Miss ED and the
1951 Channel Crossing

On September 6, 1951, the first successful crossing of the English Channel by a model boat under radio control was made. The effort was put together by Electronic Developments Ltd, a British firm producing model engines, radio control equipment, model kits, and accessories. The first page above contains extracts from a log kept during the attempt by ED's managing director, Mr JE Ballard. The other three pages are an article describing the boat and equipment used, published in Model Maker some months prior to the attempt.

For those growing up in digital proportional era, the rig used for the crossing is worth a word or two, namely the ED Mk IV three channel transmitter and receiver. This equipment used vacuum tubes in both transmitter and receiver—no transistors in 1951. The transmitter required 120 volts, plus a separate 1.5 volt supply for the valve filaments. The receiver needed 45 volts, plus the filament supply. These were all of the old un-rechargeable lead-zinc variety where battery life and reliability was always a concern.

The Mk IV provided control of three receiver relays through amplitude modulation of the transmitter's nominal 27 MHz carrier wave with three different audio tones (the carrier was not crystal controlled). The receiver was of the super-regenerative variety—a type highly prone to interference and tedious adjustment. The demodulated tones were fed to a "reed bank". This consisted of a coil and laminated core over which were positioned thin strips of hard brass, termed "reeds", after their likeness in operation to the reed in classes of musical wind instruments. Each was cut to length so it would vibrate when the right resonant tone was fed to the coil. A simple contact on each reed activated individual relays. These switched the higher current required to operated simple servos which provided hard left and right rudder, plus sequenced motor control.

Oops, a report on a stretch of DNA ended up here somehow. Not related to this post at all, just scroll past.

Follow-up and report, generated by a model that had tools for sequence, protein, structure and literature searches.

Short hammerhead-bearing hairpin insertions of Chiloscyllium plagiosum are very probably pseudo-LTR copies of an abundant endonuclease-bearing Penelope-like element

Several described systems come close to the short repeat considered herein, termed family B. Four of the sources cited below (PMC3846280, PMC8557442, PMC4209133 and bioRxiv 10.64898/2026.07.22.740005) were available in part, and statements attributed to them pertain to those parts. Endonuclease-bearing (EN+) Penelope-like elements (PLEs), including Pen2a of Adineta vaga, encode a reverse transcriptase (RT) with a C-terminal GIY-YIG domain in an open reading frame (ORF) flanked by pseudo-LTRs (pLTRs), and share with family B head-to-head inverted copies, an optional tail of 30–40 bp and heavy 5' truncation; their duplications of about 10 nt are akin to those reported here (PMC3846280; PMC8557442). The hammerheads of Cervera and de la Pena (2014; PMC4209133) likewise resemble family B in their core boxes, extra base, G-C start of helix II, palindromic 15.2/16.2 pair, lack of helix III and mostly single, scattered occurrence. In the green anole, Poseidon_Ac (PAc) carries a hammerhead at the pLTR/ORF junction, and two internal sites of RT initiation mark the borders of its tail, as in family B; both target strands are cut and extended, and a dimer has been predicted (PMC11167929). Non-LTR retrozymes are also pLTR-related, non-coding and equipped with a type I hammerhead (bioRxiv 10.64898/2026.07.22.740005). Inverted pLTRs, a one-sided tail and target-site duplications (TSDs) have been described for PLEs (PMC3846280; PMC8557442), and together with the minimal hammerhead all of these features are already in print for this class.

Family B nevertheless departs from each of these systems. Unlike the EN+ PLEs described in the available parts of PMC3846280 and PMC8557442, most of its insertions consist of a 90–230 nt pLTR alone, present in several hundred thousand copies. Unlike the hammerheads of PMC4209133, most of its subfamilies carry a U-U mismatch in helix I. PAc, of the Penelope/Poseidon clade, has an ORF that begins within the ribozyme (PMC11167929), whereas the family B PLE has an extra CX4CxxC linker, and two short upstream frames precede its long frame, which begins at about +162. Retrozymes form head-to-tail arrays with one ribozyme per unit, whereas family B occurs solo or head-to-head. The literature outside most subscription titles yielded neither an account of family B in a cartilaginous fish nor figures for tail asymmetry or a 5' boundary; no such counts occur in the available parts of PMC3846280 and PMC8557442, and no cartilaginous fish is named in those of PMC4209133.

From the description of the rudder control in the Model Maker article, it sounds like it may have taken a second or two to reach full deflection, so a degree of proportional control could be achieved by "blipping" the rudder signals. The operator would however have had to be mindful of servo battery life and minimize use. Note also that the control system had no trim. Neutral was where it was, forever.

Today, we take for granted the reliability of model engines and radio control gear. The effort back in 1951 to keep the engine running as the fuel head lowered, the radio working as the batteries ran down and vibration rattled the receiver and "servos" while waves pounded the lot, not to mention crossing the Channel in a small boat while tracking an even smaller one, should not be taken lightly. This was truly a fine achievement and tribute to all involved.


Ref: MM 2201, P 282

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